Sorghum cultivation can provide ethanol and food, say scientists
Mar 15, 2007 - 10:16:52 AM
Hyderabad, March 15 - An international crop research institute near here has announced plans to introduce cultivation of sweet sorghum in a big way - a rich source of ethanol biofuel - that will not only contribute to the livelihood of poor and marginal dry-land farmers but also provide them food security.
The International Crops Research Institute for the Semi-Arid Tropics - said its research on ethanol for biofuel from sweet sorghum and biodiesel from pongamia and jatropha crops, is ensuring energy, livelihood and food security to the dry-land farmers.
In addition, it is also reducing the use of fossil fuel, which in turn can help in mitigating climate change, the institute claimed in a statement Wednesday.
'These crops meet the main needs of the dry-land farmers - they do not require much water, can withstand stress and are not expensive to cultivate,' said ICRISAT media officer S. Gopikrishna Warrier.
ICRISAT scientists have bred sorghum varieties and hybrids in partnership with national agricultural research partners that yield higher amount of sugar-rich juice.
Conventionally, ethanol is produced from sugarcane. Sweet sorghum scores over sugarcane in that it is a crop of the dry-lands, and thus its cultivation can benefit the poor and marginal farmers of these areas, the institute said.
Even though the ethanol yield per unit weight of feedstock is lower for sweet sorghum, the much lower production cost for this crop more than compensates for this loss, and sweet sorghum has a competitive cost advantage.
It costs $0.29 - to produce one litre of ethanol from sweet sorghum, while it costs $0.33 - to produce ethanol from sugarcane.
'Sweet sorghum's benefit is three-fold,' said Dr Belum V.S. Reddy, ICRISAT's principal sorghum breeder. 'It provides the dry-land farmer with grain, fodder for the cattle and an additional source of income through bio-ethanol. Sweet sorghum requires only one seventh of the water that is used up by sugarcane'.
Sweet sorghum has advantage over other biofuel crops in that it yields grain as well as ethanol. Rather than replacing land grown to food, the cultivation can stimulate increased yield of grain and stalk, and also fodder from bagasse.
The institute is working with governments and industry leaders to develop what it called 'partnerships that can result in economic benefit for the poor and marginal farmers of the semi-arid tropics, even while retaining the strong economic competitiveness for the industry'.
'We call this our pro-poor biofuels initiative for the dryland farmers where food security is not compromised,' said ICRISAT director general Dr William Dar.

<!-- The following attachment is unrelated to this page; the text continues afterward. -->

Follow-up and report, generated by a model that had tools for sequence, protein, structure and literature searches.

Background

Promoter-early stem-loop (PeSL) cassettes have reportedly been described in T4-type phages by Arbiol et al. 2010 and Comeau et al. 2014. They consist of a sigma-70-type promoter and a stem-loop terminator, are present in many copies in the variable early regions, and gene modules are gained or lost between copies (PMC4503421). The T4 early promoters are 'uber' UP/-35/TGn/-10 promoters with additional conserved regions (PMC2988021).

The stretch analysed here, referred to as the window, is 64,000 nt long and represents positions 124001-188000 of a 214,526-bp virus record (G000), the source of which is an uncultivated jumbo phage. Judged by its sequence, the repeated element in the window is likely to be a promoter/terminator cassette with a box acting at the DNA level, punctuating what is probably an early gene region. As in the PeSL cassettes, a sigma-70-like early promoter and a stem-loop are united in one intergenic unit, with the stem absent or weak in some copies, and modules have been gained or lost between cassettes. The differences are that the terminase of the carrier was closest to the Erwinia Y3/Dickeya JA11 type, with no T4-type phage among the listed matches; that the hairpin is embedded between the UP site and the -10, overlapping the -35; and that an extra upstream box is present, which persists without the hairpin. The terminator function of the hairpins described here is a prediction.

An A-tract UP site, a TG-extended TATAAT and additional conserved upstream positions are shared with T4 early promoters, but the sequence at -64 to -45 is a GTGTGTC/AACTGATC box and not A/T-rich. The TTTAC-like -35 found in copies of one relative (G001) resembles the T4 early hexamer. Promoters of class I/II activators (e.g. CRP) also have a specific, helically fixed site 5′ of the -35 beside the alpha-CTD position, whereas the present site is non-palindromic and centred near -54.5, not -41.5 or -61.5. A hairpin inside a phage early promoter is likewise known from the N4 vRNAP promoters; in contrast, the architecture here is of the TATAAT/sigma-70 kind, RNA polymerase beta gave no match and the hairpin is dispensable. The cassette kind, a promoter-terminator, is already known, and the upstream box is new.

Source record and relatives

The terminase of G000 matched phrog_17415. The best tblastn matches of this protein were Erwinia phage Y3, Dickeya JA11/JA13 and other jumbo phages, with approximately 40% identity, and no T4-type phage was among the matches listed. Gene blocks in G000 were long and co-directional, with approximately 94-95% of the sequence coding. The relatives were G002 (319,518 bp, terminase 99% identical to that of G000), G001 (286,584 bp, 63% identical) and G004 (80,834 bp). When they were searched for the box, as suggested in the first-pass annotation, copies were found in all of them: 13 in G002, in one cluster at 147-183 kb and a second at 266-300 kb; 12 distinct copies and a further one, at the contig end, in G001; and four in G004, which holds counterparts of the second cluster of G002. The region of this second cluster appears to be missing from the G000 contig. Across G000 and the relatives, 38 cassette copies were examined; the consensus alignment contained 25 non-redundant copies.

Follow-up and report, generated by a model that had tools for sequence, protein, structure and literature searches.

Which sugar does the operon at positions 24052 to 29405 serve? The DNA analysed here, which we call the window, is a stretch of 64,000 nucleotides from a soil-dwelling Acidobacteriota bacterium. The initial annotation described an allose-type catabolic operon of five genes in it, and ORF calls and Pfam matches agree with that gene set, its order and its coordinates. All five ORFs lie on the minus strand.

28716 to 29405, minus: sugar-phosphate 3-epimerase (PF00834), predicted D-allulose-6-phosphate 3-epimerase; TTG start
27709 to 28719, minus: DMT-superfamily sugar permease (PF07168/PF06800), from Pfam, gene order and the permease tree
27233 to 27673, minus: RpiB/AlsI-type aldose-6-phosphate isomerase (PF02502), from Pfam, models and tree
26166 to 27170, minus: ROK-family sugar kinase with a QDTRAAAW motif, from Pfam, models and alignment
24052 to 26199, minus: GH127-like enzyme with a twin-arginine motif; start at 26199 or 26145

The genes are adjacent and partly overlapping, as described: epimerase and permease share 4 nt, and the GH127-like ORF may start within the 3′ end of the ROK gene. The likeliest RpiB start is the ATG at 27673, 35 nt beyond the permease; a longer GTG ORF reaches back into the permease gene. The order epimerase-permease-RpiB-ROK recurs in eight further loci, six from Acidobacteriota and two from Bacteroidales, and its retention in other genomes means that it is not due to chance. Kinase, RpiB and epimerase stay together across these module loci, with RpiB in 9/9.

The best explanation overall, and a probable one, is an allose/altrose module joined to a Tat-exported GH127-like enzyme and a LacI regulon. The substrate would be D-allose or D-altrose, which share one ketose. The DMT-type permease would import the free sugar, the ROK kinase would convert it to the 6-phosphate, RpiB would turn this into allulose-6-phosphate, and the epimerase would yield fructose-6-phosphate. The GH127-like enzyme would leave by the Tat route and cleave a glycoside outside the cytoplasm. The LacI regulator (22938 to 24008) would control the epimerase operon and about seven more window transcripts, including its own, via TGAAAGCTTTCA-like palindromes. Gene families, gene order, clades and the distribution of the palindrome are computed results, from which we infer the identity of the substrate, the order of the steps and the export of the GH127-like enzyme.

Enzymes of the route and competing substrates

He added: 'With the fuel prices increasing globally there is a demand for ethanol from sweet sorghum and biodiesel from pongamia and jatropha. We believe that this provides a wonderful opportunity for dryland farmers to get more money from their farms and wastelands.'
Normal grain sorghum is already grown on 11.7 million hectares in dryland Asia and 23.4 m.ha in Africa. Sweet sorghum can fit into this area, and provide an additional income to farmers, say the scientists.
'From an acre of sweet sorghum we can get a minimum of 15 tons of cane,' farmer Rami Reddy who has planted sweet sorghum was quoted saying. 'Rusni distilleries buys this from us at Rs.500 per ton. So a farmers makes a good income from his sweet sorghum field, which is in addition to the 200 to 400 kg of grain that he harvests.'
ICRISAT said it had linked the lab, industry, farmer and the market through the public-private partnership initiative of its Agri-Business Incubator. The research to develop improved varieties was linked with the technology package that entrepreneur A.R. Palaniswamy, managing director of Rusni Distilleries, has developed.
'By partnering with ICRISAT through its Agri-Business Incubator, our distillery at Mohammed Shahpur village - has become the world's first plant to commercially produce ethanol from sweet sorghum,' claimed Palaniswamy. 'We have linked with farmers, to whom we are supplying seeds of sweet sorghum varieties, and buying back their produce.'
Ethanol can be blended with petrol - to save the use of fossil fuels, which cause greenhouse gas emissions resulting in climate change. According to the Federation of Indian Chambers of Commerce and Industry, India can save nearly 80 million litres of petrol annually if it is blended with alcohol by 10 percent.
Ethanol is considered a clean-burning fuel with a high octane rating. In addition to the Rusni project in India, ICRISAT has signed agreements with five private companies in the Philippines to form a sweet sorghum for ethanol consortium.
According to calculations made by Rusni Distilleries, a 40 kiloliter-per-day ethanol from sweet sorghum plant in India can benefit 5,000 farmers and provide 40,000 man-days of labour per year.
By planting sweet sorghum instead of grain sorghum, dry-land farmers can get an additional income of $40 - per hectare per crop, it is claimed.
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